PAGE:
20191114124157mis201_assignment1_1_.docx - Management Information System MIS 201 Assignment 1 Course MIS 201 Student name Helah Alassem Academic Year

20191114124157mis201_assignment1_1_.docx - Management...

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Management Information System MIS 201 Assignment - 1 Course: MIS 201 Student name: Helah Alassem Academic Year: 1441 Students number: 170241654 Semester: 1st student grade: (out of 6) Section: InstructorName: Signature Dr.Gokulkumari Govindasamy Level of the Mark: Level
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Management Information System MIS 201 Semester 1 (2019-2020) Assignment Details Prepare an in-depth analysis of four case studies during the semester. Here are some guidelines: This is an individual assessment, which is a part of your course score. It requires effort and critical thinking Answer all the questions listed below the case. The ‘answers’ to the questions are best formulated by reviewing the case and the reading materials up and including the current week in the course. The questions are worded to help you apply the readings to the case, so don’t limit yourself to the case’s terminology and perspective. The best analysis will abstract the case content by applying the reading materials to draw broader lessons about the material Submission Due Time Assignment 1 (Case 1 & 2) Week6 Case Study 1: Should a Computer Grade Your Essays? Would you like your college essays graded by a computer? Well, you just might find that happening in your next course. In April 2013, EdX, a Harvard/MIT joint venture to develop massively open online courses (MOOCs), launched an essay-scoring program. Using artificial intelligence technology, essays and short answers are immediately scored and feedback tendered, allowing students to revise, resubmit, and improve their grade as many times as necessary. The non-profit organization is offering the software free to any institution that wants to use it. From a pedagogical standpoint—if the guidance is sound— immediate feedback and the ability to directly act on it is an optimal learning environment. But while proponents trumpet automated essay grading's superiority to students waiting days or weeks for returned papers— which they may or may not have the opportunity to revise—as well as the time-saving benefit for instructors, critics doubt that humans can be replaced. In 2012, Les Perelman, the former director of writing at MIT, countered a paper touting the proficiency of automated essay scoring (AES) software. University of Akron College of Education dean, Mark Shermis, and co-author, data scientist Ben Hamner used AES programs from nine companies, including Pearson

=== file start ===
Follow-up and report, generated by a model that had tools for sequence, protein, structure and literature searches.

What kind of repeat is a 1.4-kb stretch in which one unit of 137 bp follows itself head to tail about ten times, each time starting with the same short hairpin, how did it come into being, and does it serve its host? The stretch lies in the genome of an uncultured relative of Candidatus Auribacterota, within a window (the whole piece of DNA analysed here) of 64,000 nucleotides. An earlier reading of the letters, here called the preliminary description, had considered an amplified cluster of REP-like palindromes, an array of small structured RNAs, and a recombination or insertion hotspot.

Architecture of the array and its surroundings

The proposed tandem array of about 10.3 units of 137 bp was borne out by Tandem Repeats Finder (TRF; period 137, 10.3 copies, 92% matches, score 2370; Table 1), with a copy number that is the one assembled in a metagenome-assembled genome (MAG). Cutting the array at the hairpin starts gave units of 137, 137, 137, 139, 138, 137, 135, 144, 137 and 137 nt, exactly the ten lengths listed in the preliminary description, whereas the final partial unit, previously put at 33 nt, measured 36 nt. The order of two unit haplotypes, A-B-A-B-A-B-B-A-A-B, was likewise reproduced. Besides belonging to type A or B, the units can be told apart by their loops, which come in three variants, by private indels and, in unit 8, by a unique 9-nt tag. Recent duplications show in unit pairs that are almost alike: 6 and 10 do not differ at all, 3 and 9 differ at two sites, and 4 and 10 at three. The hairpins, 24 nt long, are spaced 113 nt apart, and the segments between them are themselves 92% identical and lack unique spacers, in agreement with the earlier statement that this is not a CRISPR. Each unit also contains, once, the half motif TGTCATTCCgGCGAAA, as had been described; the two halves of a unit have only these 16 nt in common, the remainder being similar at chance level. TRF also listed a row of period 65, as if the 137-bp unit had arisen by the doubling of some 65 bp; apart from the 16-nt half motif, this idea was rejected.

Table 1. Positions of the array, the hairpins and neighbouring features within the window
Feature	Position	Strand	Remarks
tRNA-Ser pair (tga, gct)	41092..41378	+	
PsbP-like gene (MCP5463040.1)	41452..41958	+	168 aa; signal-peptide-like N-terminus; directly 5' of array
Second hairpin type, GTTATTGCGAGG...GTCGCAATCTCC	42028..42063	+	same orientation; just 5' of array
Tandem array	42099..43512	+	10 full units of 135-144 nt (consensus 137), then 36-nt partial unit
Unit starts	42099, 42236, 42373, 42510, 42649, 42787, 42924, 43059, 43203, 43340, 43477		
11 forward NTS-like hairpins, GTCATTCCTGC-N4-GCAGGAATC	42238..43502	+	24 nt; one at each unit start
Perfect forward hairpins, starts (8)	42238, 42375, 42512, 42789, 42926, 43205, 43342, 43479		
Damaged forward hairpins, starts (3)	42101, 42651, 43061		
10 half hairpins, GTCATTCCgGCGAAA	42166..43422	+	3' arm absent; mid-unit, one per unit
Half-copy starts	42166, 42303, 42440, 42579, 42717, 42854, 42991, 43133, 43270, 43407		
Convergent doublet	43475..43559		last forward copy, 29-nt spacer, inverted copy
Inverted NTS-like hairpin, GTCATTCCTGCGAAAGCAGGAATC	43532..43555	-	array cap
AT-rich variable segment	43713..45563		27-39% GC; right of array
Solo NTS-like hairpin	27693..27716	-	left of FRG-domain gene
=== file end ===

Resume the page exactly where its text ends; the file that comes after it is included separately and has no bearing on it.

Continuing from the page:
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and McGraw-Hill, to rescore over 16,000 middle and high school essays from six different state standardized tests. Their Hewlett Foundation sponsored study found that machine scoring closely tracked human grading, and in some cases, produced a more accurate grade. Perelman, however, found that no direct statistical comparison between the human graders and the programs was performed. While Shermis concedes that regression analysis was not performed—because the software companies imposed this condition in order to allow him and Hamner to test their products—he unsurprisingly accuses Perelman of evaluating their work without performing research of his own.
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